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Analyzing Uhuru Kenyatta's Cabinet Nominees

Since the presidential elections and its petition ended Kenyan's have gotten their politics fix from discussing possible appointees to the first cabinet under the new constitution. President Kenyatta and Deputy President Ruto have reportedly spent the better part of their first weeks after elections deep in consultation about who to appoint. Last week they gave us the first hint that their cabinet appointments would not be business as usual when they unveiled a government structure of eighteen (18) ministries which is four less than the constitutional maximum. This was a clue that they were more keen on delivering on their manifesto than rewarding of friends.

Today they went further and gave us a good taste of things to come when they revealed their nominees for the ministries of: ICT, National Treasury, Health and Foreign Affairs.Have no doubt, it was no accident that these were the first nominees unveiled. It is clear that the digital duo consider these to be the most important ministries and the ones which they most need to fulfill their campaign pledges. Allow me to make an armchair analysis of what I foresee with each of the nominees if they are confirmed.

1. Fred Matiangi - ICT
Of all the nominees Mr. Matiangi is probably the most educated holding a doctorate in Comparative Literature from the University of Nairobi but he is by no means an academic type with his heads in the books. According to his current employer he has extensive experience in governance-related research, civil society advocacy, and donor-funded democracy and governance projects. So why hire an English professor with civil society networks? One word: Konza. Expect Mr. Matiangi will take up Bitange Ndemo's pet project with unfettered gusto, getting stakeholders committed and involved. His employer goes on to describe him saying that he has demonstrated an extraordinary ability to secure stakeholder buy-in, facilitate program objectives, and deliver high-quality technical assistance. This means that although he will follow through with Konza, he will also focus on quick and immediate results from the manifesto. Read the manifesto to see where Mr. Matiangi is planning to take ICT.

2. Henry Rotich - National Treasury
Mr. Rotich is the only nominee who is a long serving civil servant and the reason for this is simple: continuity. For his first budget I do not expect that we'll see any big deviation from past budgets as he has probably been one of the main authors in his position as deputy director in charge of economic affairs. That said based on a paper he gave I think the rest of his tenure will be defined by major tax reform as he tries to bridge the ever-widening deficit. What this means is that he is going to make the tax code simpler, ruthlessly pursue defaulters and cheats (including small scale traders), and broaden revenue streams through carbon credits and land holding taxes (no more land speculation business)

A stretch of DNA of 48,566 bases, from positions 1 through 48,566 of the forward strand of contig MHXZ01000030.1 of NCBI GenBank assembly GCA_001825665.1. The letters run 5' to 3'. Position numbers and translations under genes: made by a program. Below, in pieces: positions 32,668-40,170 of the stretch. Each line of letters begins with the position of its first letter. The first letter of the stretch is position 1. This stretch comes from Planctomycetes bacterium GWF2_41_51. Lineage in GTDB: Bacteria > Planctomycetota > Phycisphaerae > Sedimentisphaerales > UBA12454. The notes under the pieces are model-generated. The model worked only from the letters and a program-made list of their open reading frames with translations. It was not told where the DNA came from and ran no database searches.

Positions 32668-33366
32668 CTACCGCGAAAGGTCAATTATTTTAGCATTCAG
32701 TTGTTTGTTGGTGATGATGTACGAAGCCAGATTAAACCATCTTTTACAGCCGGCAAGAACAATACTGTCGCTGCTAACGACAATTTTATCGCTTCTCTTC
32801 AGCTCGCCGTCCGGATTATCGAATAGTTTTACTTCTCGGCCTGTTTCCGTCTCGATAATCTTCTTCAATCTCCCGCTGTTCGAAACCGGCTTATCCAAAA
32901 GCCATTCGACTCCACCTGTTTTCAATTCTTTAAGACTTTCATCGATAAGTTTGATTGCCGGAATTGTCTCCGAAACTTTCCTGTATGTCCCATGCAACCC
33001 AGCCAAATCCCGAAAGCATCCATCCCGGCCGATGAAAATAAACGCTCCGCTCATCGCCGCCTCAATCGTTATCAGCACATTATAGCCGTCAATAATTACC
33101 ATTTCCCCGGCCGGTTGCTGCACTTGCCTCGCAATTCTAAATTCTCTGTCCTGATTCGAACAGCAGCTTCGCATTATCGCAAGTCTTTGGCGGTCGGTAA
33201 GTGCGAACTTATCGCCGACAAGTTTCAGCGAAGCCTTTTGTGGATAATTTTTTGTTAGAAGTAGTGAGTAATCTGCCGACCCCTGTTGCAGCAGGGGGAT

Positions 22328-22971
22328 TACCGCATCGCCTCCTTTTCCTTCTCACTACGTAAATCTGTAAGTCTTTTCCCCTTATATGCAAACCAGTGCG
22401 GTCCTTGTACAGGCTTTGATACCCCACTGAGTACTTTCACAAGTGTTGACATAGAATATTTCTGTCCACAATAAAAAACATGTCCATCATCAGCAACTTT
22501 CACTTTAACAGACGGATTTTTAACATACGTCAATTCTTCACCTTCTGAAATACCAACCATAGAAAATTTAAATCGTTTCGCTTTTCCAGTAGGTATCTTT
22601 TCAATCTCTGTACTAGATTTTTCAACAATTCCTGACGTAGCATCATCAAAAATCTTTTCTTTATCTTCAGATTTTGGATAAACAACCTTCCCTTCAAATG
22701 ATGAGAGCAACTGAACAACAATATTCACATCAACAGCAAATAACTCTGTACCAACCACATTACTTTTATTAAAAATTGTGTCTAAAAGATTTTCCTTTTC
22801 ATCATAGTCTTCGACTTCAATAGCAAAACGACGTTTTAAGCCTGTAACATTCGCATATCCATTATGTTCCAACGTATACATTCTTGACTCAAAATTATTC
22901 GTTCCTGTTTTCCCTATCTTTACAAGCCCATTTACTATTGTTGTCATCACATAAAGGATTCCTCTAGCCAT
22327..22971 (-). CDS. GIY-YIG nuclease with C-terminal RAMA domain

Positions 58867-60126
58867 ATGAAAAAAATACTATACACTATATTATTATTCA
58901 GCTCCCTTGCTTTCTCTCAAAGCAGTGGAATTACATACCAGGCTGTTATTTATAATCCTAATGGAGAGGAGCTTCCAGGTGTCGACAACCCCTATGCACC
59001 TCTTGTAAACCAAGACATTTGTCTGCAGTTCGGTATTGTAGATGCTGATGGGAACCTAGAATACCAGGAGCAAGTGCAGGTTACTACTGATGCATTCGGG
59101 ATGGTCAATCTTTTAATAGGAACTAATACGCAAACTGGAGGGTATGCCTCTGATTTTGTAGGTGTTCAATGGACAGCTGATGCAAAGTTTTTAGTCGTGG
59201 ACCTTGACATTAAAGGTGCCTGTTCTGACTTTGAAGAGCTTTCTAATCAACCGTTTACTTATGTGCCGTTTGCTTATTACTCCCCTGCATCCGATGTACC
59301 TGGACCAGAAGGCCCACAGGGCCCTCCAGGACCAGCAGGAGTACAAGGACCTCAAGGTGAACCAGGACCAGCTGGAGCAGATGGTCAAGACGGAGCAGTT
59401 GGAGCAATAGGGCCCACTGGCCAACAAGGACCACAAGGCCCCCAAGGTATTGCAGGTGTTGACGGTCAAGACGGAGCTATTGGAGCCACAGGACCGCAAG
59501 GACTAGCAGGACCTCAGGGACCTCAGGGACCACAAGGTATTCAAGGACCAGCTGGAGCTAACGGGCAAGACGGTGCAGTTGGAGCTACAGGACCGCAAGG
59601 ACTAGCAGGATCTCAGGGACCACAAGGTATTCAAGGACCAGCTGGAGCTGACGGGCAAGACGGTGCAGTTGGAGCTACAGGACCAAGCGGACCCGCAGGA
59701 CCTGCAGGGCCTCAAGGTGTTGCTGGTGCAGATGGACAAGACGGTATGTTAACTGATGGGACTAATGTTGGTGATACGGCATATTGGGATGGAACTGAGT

3. James Macharia - Health
Why appoint a banker to run a health ministry? It's because bankers are specialists in redistribution (usually to their shareholders though). Bankers collect deposits then use the same deposits to lend back to the public and in the process make their shareholders much richer. How will Mr. Macharia adopt his banking skills in redistribution to the Health ministry? It's clear from Jubilee's manifestos that they are keen on providing free basic health facilities and also universal health care. They are also alive to the fact that this might become a massively expensive program and do not intend for the government to solely finance it. Instead expect NHIF to play the role of redistributing wealth to promote health care for the most disadvantaged groups. We will see the NHIF rates go up, but also the benefits. His banking creds will probably come in handy as well as he negotiates with health insurance mandarins who have been known to oppose the scheme.

4. Amb. Amina Mohamed - Foreign Affairs
She is the only woman in the list but by no means a minnow among giants. From he recent campaign to be the head of the WTO we can surmise that she is supremely confident and ambitious. Like a few past ministers of foreign affairs she is also a lawyer by training with deep experience in the UN. As a pioneering Muslim African woman, she is uniquely positioned to garner global attention when she speaks. Expect Mrs. Mohamed to be deployed primarily as an adversarial, no-holds-barred advocate of Kenya's and the digital duos international interests.

President Kenyatta and Deputy President Ruto seem keen to break from the past and take full advantage of the division of the executive and legislature by appointing brilliant Kenyans with histories of success and who can deliver on the promises the two made in Kenyans.

I am keenly looking forward to their confirmations and seeing them getting down to work.


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